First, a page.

Military sources in Pakistan say two convicted militants were executed Friday, as the government intensifies its response to Tuesday's massacre of 149 people, mainly schoolchildren, in Peshawar.
The officials said Ageel, who went by one name and was also known as Dr. Usman, and Arshad Mahmood were hanged in a Faisalbad jail. The two men were found guilty in a military court of plotting attacks on military headquarters, assassination attempts on former President Pervez Musharraf, and a deadly attack on a visiting Sri Lanka cricket team.
The executions came a day after Prime Minister Nawaz Sharif withdrew an unofficial moratorium on the death penalty in response to the militants’ assault on the military-run school, which shocked the world. Taliban militants called the attack retaliation for a government offensive against them.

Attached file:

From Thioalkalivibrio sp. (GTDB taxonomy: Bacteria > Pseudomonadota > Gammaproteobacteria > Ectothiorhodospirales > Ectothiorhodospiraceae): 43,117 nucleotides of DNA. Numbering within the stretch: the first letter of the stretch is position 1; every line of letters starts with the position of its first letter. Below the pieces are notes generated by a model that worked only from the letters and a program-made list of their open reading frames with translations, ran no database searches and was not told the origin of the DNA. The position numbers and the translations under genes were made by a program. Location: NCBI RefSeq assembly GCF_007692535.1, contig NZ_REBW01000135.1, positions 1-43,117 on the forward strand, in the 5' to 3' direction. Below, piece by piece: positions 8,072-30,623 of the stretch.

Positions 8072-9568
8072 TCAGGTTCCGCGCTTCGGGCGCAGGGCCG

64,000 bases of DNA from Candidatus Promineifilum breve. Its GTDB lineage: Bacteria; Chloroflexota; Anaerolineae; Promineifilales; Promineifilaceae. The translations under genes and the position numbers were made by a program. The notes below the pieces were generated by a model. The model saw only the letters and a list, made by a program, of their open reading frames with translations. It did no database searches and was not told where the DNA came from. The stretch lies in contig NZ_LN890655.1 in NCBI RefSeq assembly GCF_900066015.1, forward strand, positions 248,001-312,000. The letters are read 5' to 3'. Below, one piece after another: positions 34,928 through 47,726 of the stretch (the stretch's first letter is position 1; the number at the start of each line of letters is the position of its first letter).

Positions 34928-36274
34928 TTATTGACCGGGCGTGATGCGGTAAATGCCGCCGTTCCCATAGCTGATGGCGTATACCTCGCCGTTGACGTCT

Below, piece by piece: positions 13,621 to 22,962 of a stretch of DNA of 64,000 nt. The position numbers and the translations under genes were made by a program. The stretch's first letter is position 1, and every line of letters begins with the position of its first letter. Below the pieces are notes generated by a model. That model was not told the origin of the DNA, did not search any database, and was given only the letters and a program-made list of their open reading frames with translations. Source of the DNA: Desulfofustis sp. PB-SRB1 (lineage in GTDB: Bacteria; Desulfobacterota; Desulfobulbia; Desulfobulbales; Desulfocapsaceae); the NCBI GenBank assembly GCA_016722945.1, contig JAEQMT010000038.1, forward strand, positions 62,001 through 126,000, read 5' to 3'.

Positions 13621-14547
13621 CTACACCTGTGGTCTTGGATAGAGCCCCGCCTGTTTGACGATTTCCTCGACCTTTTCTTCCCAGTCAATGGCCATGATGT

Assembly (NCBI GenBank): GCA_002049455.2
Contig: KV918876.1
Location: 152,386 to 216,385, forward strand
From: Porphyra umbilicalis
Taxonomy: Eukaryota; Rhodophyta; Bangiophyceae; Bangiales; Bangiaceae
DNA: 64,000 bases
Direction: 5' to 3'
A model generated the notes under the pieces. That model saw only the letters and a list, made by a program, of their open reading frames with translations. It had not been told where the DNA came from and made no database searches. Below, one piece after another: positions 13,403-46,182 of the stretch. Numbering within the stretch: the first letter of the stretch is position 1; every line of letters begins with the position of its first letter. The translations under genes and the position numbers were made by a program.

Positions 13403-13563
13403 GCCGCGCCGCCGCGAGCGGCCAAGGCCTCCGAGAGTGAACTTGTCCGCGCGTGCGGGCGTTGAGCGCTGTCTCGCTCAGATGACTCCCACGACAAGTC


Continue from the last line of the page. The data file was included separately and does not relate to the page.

Army chief General Raheel Sharif has signed the death warrants for four more militants, officials say, and the executions are expected soon. The army did not release the names of the convicts and local media reported they would only be identified after their death.
Amnesty International and Human Rights Watch have condemned Sharif's decision to reinstate executions. Amnesty called it "a knee-jerk reaction which does not get at the heart of the problem."
As Pakistan began a third day of mourning for the victims of the school attack, troops ambushed and killed at least 50 militants in Khyber near the Afghan border. Another eight were killed in southwestern Baluchistan province, including a senior Taliban commander.
Pakistani officials say both jets and ground forces took part in this morning's attacks.
Related video: VOA's Ayaz Gul toured the devastated Peshawar school